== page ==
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Davos report: Cyber-attack risk to global stability is real

Not as menacing as the sharpening economic pyramid though

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Cyber-attacks against governments and businesses are among the top five risks in the world in terms of likelihood, according to the startlingly obvious World Economic Forum's (WEF) Global Risks for 2012 report.

According to the international organisation, famous for its annual conferences held in the Swiss resort of Davos, cyber-attacks come in at number four of the risks most likely to materialise: just behind economic fears about income disparity and fiscal imbalances, and concern about rising greenhouse gas emissions.

After holding a mix of interviews, surveys and workshops with experts, the WEF's Risk Response Network penned the pretty document, which weighs up what's pressing on the minds of nation states and top firms.

In the technological sphere, the experts are most afraid of cyber-attacks that spark some sort of devastating malfunction in power plants, water supplies and other critical systems, but they figure that has a relatively low likelihood of happening.

Steve Wilson, chief risk officer for general insurance at Zurich and a member of the project, said the biggest concern for the WEF was the complexity of internet security. He said: "We don't even really understand the risks yet."

The report, which tries to look at the next 10 years of risk, pointed out that technology moves so fast, it's difficult for anyone to keep up with:

Only ten years ago, the dot-com bubble burst, and claims about the internet’s potentially transformative benefits seemed to have been wildly overstated. We can now see that they were not so much overstated as premature. It is worth considering whether the same could prove to be true of current alerts about the internet’s potentially transformative risks.

The WEF dossier concludes: "A healthy digital space is needed to ensure stability in the world economy and balance of power." While this is nothing new to folks in the technology sector, the issue is creeping up many political agendas, and the the report calls "urgently" for new mechanisms to get private investment into exploring system vulnerabilities.

The report also said that information about cyber-attacks and cybercrime is hard to come by:

Research into cyber threats against governments and the private sector has largely been funded by those who are in the business of selling internet security solutions – a potential bias that causes scepticism. Academic and policy papers are based largely on anecdotal case studies.

Vendors of online security products have an interest in talking up the threats of cybercrime, while victims of cybercrime often have an interest in remaining silent. It is therefore very difficult for firms and organisations to get a clear picture of the true levels of the risk and needs for investment. Correcting such information asymmetries should be at the centre of policies to improve global cyber security and to ensure an efficient market.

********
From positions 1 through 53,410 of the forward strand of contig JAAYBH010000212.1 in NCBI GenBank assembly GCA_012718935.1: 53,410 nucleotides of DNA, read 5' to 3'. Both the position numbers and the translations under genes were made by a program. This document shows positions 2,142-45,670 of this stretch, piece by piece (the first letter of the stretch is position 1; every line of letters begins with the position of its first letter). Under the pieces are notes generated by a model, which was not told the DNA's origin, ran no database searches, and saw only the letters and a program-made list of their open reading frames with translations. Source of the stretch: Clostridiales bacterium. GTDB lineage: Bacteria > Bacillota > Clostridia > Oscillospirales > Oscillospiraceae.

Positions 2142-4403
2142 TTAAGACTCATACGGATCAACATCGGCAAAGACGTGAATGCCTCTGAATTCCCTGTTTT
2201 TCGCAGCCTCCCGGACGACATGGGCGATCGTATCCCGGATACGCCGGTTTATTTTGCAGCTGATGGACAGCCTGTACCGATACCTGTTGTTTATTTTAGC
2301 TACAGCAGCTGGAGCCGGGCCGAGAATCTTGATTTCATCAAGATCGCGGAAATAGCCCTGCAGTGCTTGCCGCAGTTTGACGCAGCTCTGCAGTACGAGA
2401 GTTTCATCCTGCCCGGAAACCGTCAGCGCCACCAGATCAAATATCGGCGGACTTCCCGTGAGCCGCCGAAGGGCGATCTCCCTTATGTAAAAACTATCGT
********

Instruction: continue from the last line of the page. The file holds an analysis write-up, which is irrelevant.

Although technological concerns are featuring in the top 5 most likely risks this year for the first time since 2007, the experts are still most worried about the ongoing financial crises around the world.

The risk with the most likelihood of happening, according to the experts, is severe income disparity.

While most of us don't feel that wage inequality is quite as bad as when the world had serfs (which is up for debate really), those 1 per cent statistics are nevertheless bringing people down. The report said:

On an unprecedented scale around the world, there is a sense of receding hope for future prospects. Gallup polling data in 2011 reveal that, globally, people perceive their living standards to be falling, and they express diminishing confidence in the ability of their government to reverse this trend.

Their discontent is exacerbated by the starkness of income disparities: the poorest half of the global population owns barely 1 per cent of the global wealth, while the world’s top 1 per cent owns close to half of the world’s assets.

Knowing that a lot of folks earn more than them can be an incentive, but if people, especially the yoof, think that they can't get anywhere no matter how hard they work, they get pretty hacked off. The report warned:

The social unrest that occurred in 2011, from the United States to the Middle East, demonstrated how governments everywhere need to address the causes of discontent before it becomes a violent, destabilising force.

You can read the full report on the potentially bleak future awaiting mankind here (64-page PDF/6.8MB). ®

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